The Biopsy Report

What is the purpose of a biopsy?

For many health problems, a diagnosis is made by removing a sample of tissue for study in the pathology laboratory. The biopsy report describes the findings of a specimen.

What happens to the specimen after the biopsy is done?

After the specimen is removed from the patient, it is processed as a histologic section or a smear.

  • histologic sections
    Histologic sections are very thin slices of the specimen that are stained and placed on a glass slide, and then covered with a thin piece of glass called a coverslip. Histologic sections are prepared in one of two ways:
    • permanent sections - the specimen is put into a fluid called a fixative for several hours, depending on the specimen type; the fixed specimen is put into a machine which removes the water from the specimen, and replaces it with paraffin wax. The paraffin-impregnated specimen is embedded into a larger section of molten paraffin, and solidified by chilling. A machine called a microtome cuts thin sections of the paraffin block containing the biopsy specimen. The sections are then placed on a glass slide and dipped into a series of stains or dyes to change the color of the tissue. The color makes cells more distinctive when viewed under a microscope .
    • frozen sections - the specimen can be examined shortly after it was removed from the patient. For example, surgical pathologists work closely with the surgeons during surgery for breast cancer. Often, a frozen section is used to determine how much of the breast tissue to remove.
  • smears
    Smears are done when the specimen is a liquid or there are small, solid chunks suspended in liquid, which are "smeared" onto a slide and allowed to dry, or are fixed. The fixed smears are stained, covered with a coverslip, and then examined under a microscope.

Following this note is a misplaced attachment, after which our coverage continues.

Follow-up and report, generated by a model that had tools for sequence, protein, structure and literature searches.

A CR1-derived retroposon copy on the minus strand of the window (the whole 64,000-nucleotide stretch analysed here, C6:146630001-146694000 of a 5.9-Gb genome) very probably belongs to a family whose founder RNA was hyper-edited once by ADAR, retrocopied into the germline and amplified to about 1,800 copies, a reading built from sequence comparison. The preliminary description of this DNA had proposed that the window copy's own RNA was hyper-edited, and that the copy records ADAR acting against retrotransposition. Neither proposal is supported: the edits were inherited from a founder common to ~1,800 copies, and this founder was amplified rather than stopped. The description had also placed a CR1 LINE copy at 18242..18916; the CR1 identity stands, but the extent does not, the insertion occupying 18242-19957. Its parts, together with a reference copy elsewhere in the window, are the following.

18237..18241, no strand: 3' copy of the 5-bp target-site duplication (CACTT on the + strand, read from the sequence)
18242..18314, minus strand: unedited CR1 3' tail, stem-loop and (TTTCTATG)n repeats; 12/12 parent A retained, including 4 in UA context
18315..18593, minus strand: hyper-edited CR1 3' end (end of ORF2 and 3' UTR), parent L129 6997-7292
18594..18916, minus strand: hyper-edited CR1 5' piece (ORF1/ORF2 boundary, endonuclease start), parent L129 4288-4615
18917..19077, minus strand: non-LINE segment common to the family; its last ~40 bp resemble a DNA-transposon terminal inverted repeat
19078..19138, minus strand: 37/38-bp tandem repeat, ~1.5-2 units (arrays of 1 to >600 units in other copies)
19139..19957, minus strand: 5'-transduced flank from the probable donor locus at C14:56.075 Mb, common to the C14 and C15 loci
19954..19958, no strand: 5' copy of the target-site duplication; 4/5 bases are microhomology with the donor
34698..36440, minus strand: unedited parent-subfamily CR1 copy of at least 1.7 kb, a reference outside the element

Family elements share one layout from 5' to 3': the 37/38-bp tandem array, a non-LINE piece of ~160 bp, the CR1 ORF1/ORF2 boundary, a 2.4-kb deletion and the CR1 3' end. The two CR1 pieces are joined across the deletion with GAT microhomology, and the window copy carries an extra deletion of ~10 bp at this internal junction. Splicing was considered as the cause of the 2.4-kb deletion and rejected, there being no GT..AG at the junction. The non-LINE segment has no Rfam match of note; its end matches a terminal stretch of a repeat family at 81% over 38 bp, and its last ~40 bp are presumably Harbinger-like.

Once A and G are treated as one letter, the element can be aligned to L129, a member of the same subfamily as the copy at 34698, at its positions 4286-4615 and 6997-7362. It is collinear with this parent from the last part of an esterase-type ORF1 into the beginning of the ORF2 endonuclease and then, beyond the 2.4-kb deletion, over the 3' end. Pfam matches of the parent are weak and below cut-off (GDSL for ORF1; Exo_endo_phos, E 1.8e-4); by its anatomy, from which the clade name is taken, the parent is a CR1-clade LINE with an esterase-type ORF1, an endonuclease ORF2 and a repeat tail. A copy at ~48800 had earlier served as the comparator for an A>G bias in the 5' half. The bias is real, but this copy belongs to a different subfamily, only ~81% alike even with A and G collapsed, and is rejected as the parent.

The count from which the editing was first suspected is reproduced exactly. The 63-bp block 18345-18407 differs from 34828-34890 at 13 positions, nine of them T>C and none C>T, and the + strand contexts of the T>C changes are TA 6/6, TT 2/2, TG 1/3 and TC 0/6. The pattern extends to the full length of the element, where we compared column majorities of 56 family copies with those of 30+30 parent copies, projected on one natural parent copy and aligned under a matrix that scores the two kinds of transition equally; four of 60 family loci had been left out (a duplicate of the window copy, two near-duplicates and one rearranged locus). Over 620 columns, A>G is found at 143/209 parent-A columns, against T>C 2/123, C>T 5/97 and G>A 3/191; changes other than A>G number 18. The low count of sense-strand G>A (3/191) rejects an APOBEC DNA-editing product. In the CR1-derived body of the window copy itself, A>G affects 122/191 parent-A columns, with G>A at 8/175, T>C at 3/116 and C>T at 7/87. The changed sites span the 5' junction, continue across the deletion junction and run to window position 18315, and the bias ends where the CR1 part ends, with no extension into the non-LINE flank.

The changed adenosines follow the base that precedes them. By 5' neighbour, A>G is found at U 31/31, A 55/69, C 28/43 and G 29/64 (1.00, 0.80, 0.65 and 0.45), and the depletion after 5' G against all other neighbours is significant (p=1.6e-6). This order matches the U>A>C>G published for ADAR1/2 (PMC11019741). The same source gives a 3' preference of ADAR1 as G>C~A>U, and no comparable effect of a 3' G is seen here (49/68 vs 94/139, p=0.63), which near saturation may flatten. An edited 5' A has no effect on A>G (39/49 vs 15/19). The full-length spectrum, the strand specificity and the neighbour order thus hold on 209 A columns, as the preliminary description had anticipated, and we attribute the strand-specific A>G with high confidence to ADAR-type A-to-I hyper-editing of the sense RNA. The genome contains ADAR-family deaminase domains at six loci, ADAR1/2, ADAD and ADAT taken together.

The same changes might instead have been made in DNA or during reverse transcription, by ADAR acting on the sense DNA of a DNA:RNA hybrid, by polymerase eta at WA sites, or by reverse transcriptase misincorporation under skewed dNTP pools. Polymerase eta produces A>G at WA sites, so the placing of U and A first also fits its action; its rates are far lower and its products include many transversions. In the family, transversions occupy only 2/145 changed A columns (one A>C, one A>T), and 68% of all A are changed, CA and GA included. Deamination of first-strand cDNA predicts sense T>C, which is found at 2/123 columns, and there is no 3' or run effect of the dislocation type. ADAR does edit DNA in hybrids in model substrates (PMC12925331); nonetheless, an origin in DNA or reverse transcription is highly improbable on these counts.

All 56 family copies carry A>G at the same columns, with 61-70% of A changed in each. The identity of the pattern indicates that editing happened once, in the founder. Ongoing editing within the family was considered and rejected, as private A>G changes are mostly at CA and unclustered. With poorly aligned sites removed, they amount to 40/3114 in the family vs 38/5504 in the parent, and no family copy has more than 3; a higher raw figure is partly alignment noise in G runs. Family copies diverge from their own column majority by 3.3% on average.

What is a biopsy report?

A biopsy report describes the findings of a specimen. It contains the following information:

  • gross description
    A gross description is the obvious examination of the specimen which describes how it looks to the naked eye and where the biopsy was taken from; it may include a description of the color, size, and texture of the specimen.
  • microscopic examination
    A microscopic examination is a description of what the findings of the slides showed under a microscope; it is usually technical and not in simple language.
  • diagnosis
    This is usually considered the "bottom line" and, although the format varies, often the diagnosis is expressed as: organ or tissue, site from which the biopsy was obtained, type of surgical procedure used to obtain the biopsy, followed by the diagnosis. For example: colon, sigmoid, endoscopic biopsy, tubular adenoma. In other words, the patient had a biopsy of the sigmoid portion of the colon via endoscopy, and a benign tumor of the large intestine and rectum was found.

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